3So you want to lose weight and you’ve tried everything from a crash diet to Simi Auntie’s neighbour’s cousin’s sister’s daughter’s weight loss plan. She looks gorgeous in the dress from the latest movie but you can’t squeeze into one. Nothing really seems to work. Why do you think that is?

Be honest, you’ve probably cheated on the diet, but how far along were you? Stop and think what it would be like to look like you were 18 once again?? What stops you from getting there? You won’t admit it and you would swear to God, but face it, you’ve not stuck to your diet and we know it. You cheated. Here’s how-

  • Severely restrict their caloric intake. A starvation diet (i.e., reducing your caloric intake to less than 50% of what your body requires) doesn’t work. Any weight that may have been lost is subsequently regained because most individuals cannot maintain such a restrictive eating plan over the long haul.
  • Have an unduly narrow perspective of the problem at hand. Too many people view losing weight as simply a matter of cutting back on what they eat. In reality, it’s an issue of basic physics-balancing energy in with energy out. As such, if you really want to lose weight (and keep it off), you need to increase your level of physical activity and eat in moderation. Ignore the need to maintain their level of lean body mass.
  • A common tendency among individuals who exercise, is to focus their activity efforts solely on aerobic exercise. In the process, they lose muscle mass, which is replaced by fat when they inevitably regain whatever weight they lost. In turn, their metabolic rate as well as the number of calories that they need to maintain their current weight, is diminished. This adjustment creates a cycle that is counterproductive to sustained weight loss.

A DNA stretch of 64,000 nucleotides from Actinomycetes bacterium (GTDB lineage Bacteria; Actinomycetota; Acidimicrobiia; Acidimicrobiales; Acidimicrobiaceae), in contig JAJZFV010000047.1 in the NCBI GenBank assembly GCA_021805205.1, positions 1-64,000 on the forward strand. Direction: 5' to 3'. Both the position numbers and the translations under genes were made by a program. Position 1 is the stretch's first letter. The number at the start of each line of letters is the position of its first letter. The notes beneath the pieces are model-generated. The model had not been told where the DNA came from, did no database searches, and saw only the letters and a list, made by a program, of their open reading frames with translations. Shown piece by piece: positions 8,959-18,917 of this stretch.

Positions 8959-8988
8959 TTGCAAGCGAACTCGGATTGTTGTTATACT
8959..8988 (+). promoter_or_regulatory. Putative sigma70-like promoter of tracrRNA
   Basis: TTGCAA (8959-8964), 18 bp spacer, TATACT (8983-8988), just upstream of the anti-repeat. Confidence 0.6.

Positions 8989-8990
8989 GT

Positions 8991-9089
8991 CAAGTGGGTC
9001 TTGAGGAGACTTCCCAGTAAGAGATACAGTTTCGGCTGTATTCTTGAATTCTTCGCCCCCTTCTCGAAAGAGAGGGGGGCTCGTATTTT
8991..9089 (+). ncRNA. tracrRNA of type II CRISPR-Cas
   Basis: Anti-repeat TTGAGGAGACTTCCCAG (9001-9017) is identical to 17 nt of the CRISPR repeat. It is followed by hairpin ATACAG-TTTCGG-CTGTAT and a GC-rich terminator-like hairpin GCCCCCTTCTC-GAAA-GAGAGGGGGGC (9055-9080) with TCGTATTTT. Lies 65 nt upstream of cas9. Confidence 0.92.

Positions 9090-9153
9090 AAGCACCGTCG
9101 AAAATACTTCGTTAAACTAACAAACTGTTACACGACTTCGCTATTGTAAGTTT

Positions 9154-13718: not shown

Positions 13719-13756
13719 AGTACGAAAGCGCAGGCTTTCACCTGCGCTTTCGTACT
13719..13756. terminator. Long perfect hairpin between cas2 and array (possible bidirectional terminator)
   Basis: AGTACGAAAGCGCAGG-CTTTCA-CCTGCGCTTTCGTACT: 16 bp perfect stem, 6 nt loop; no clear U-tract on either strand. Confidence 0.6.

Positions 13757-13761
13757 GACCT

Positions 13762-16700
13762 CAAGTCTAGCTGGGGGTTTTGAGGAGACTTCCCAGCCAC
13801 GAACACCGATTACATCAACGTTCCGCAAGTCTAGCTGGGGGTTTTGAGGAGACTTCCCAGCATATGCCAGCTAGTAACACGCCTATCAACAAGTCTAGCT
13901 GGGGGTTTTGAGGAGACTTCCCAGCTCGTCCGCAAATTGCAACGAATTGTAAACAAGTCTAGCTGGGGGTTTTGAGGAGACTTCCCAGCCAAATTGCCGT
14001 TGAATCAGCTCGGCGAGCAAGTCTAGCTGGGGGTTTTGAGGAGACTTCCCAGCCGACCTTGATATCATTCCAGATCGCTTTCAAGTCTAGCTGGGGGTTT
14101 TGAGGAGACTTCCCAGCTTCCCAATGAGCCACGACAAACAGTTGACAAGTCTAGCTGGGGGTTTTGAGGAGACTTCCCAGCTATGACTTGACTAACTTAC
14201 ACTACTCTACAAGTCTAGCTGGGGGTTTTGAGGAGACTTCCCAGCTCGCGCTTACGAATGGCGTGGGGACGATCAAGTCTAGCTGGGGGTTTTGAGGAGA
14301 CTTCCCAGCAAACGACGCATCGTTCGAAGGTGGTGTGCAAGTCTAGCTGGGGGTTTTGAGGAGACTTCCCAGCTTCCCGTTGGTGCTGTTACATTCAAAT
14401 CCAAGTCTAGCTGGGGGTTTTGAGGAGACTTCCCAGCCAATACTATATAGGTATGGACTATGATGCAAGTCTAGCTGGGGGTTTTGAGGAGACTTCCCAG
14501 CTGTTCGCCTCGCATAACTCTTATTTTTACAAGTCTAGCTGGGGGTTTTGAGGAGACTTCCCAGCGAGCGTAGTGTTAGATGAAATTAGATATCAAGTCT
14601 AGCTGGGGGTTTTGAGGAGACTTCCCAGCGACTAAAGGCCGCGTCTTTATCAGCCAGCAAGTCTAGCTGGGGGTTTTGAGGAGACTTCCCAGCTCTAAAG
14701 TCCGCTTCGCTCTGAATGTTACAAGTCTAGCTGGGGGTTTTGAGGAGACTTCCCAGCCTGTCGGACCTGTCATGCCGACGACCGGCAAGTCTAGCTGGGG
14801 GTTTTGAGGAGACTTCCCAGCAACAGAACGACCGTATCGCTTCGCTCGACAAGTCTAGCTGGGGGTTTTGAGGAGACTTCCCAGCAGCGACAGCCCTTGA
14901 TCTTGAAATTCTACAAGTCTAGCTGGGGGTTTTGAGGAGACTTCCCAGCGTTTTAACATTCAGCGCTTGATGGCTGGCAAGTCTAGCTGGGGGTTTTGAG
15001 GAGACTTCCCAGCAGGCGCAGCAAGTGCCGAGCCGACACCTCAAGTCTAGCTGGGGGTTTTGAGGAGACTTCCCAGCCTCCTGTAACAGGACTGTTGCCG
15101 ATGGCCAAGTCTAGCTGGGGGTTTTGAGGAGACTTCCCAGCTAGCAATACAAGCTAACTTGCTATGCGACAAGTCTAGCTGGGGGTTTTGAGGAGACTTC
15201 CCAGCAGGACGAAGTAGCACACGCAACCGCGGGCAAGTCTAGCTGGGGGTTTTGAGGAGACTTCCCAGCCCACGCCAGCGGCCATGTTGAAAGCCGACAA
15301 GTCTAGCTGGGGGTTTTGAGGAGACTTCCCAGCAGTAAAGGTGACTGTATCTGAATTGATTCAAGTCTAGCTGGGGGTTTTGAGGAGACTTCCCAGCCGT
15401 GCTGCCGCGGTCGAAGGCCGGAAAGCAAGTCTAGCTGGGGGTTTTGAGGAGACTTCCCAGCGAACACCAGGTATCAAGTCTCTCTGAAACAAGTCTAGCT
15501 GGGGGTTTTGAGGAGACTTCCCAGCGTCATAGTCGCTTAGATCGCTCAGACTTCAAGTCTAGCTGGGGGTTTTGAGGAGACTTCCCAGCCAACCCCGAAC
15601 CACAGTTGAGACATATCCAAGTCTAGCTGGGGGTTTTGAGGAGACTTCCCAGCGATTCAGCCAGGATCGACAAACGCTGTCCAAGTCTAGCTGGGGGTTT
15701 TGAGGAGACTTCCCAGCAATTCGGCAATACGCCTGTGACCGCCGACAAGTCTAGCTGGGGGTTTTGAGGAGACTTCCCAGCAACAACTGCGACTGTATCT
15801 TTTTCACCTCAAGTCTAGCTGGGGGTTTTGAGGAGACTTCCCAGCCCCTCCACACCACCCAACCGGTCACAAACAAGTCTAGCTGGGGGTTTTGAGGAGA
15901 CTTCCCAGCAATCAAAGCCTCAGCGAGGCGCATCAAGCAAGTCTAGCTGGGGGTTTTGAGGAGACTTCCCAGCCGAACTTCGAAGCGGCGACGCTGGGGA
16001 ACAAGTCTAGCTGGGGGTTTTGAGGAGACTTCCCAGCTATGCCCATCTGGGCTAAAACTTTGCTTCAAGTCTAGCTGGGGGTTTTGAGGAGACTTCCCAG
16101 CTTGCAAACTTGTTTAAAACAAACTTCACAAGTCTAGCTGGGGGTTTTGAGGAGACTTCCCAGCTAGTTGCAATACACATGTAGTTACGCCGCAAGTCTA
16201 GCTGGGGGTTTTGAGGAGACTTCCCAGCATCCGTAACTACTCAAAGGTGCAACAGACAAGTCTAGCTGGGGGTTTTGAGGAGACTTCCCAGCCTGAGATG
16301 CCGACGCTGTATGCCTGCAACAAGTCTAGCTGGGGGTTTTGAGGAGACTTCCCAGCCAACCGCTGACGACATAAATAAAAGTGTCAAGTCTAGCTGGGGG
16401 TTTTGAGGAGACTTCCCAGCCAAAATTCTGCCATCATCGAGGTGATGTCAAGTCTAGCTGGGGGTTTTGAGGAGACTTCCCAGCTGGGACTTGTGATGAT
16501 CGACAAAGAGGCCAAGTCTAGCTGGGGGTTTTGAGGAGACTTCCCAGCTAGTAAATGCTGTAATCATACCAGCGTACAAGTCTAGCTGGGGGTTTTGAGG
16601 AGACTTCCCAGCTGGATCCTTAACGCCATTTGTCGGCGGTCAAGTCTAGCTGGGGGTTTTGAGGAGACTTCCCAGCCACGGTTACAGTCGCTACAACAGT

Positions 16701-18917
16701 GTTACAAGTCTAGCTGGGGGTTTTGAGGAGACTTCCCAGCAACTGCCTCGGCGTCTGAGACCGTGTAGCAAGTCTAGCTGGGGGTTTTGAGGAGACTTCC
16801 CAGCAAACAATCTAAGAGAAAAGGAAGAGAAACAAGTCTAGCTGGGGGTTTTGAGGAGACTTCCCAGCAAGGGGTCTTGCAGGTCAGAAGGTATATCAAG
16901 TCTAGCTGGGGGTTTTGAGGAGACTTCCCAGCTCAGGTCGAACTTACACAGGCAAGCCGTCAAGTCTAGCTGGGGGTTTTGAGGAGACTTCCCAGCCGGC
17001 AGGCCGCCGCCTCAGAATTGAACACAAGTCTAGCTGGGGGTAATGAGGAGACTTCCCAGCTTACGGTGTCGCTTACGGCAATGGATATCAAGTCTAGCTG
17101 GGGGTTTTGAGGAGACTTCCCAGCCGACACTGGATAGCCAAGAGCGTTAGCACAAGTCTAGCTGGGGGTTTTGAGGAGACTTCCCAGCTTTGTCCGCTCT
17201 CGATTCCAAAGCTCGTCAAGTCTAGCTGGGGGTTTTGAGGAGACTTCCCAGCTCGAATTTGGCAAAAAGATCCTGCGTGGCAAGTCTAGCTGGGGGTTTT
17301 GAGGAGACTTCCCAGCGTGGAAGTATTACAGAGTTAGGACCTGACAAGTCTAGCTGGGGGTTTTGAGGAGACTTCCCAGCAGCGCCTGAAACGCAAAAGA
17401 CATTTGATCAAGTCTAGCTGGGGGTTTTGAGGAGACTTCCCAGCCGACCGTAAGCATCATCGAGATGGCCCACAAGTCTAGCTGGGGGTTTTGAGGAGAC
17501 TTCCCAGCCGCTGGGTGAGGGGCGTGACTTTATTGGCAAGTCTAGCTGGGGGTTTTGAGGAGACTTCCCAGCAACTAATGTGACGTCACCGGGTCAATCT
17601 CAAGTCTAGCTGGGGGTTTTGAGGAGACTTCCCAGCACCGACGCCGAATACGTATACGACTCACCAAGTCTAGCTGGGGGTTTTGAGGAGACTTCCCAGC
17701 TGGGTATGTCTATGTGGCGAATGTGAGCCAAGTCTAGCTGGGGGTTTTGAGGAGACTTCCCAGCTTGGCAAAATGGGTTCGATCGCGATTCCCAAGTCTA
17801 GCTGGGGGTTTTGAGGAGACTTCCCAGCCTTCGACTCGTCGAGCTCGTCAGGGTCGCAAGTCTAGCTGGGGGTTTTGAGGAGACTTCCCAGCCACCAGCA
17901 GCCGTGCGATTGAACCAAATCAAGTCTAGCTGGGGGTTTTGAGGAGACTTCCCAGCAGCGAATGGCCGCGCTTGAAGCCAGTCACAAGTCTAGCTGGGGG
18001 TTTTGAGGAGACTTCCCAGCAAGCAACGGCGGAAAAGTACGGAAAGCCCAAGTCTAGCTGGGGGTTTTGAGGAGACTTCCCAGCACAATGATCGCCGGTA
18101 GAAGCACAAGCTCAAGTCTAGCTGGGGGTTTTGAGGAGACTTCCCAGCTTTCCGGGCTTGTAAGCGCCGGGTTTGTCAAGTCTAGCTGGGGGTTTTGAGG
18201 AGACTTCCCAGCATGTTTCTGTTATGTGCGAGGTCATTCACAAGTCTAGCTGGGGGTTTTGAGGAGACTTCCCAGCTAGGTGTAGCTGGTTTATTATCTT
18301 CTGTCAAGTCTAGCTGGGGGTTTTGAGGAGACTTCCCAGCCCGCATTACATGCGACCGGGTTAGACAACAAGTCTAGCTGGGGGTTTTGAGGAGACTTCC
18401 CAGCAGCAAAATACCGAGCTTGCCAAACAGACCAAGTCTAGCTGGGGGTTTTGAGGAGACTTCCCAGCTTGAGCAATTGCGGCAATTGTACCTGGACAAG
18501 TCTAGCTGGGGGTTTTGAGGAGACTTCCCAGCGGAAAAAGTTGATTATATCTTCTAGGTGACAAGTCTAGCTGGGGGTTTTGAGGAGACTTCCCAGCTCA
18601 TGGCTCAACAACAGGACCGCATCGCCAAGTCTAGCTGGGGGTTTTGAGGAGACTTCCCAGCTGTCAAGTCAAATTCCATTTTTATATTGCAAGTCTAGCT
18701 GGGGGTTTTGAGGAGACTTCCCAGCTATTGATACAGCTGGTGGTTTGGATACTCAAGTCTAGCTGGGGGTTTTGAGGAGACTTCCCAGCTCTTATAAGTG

• Misinterpret what some food labels are actually telling them. It is extremely important for individuals who want to control their weight to be aware of the fact that labels that state that a particular foodstuff is either “no fat” or “no sugar” does not mean “no calories.”
  • Try to lose too much weight too rapidly. Research shows that a weight-reduction program that involves a slow and steady loss (i.e., approximately 1 lb or less per week for women and 2 lbs or less per week for men) has the best chance for success, particularly when it is combined with an effort to change any inappropriate lifestyle habits.
  • Believe that spot reduction is possible. The concept of spot reducing is a complete myth. No exercise will eliminate fat from a specific area of the body, just as no change in your level of caloric intake will guarantee that the fat will melt away in the area of the body you most want to address. As a rule, the pattern in which you lose body fat is genetically predetermined.
  • Mistake water lost through sweating for actual fat and weight loss. Your body has millions of sweat glands that cover your skin, excreting water and electrolytes. Water (sweat) that is perspired increases in an effort by your body to help keep you cool and regulate your body temperature.
  • Buy into the “magic beans” theory. Selling supplements and related pills, powders, and potions that purportedly will somehow facilitate a person’s efforts to lose weight is a multibillion-dollar-a-year industry. Other than being a waste, such items also can have negative health consequences.
  • Follow unproven and spurious dieting advice. The number of unsound diets that target un- suspecting individuals with undocumented claims and unhealthy practices seems to grow exponentially every year. Truth be known, these diets share at least two traits-they don’t work, and they may actually be handled (physically and financially) to a person who tries them.

We’ve put forth the common mistakes people make for your perusal. Save yourself from them and have a healthy weight loss. But let’s tell you something first, what matters most is how you feel about yourself. None can force you towards things you don’t want to do/try. Go slow and steady, and nail it!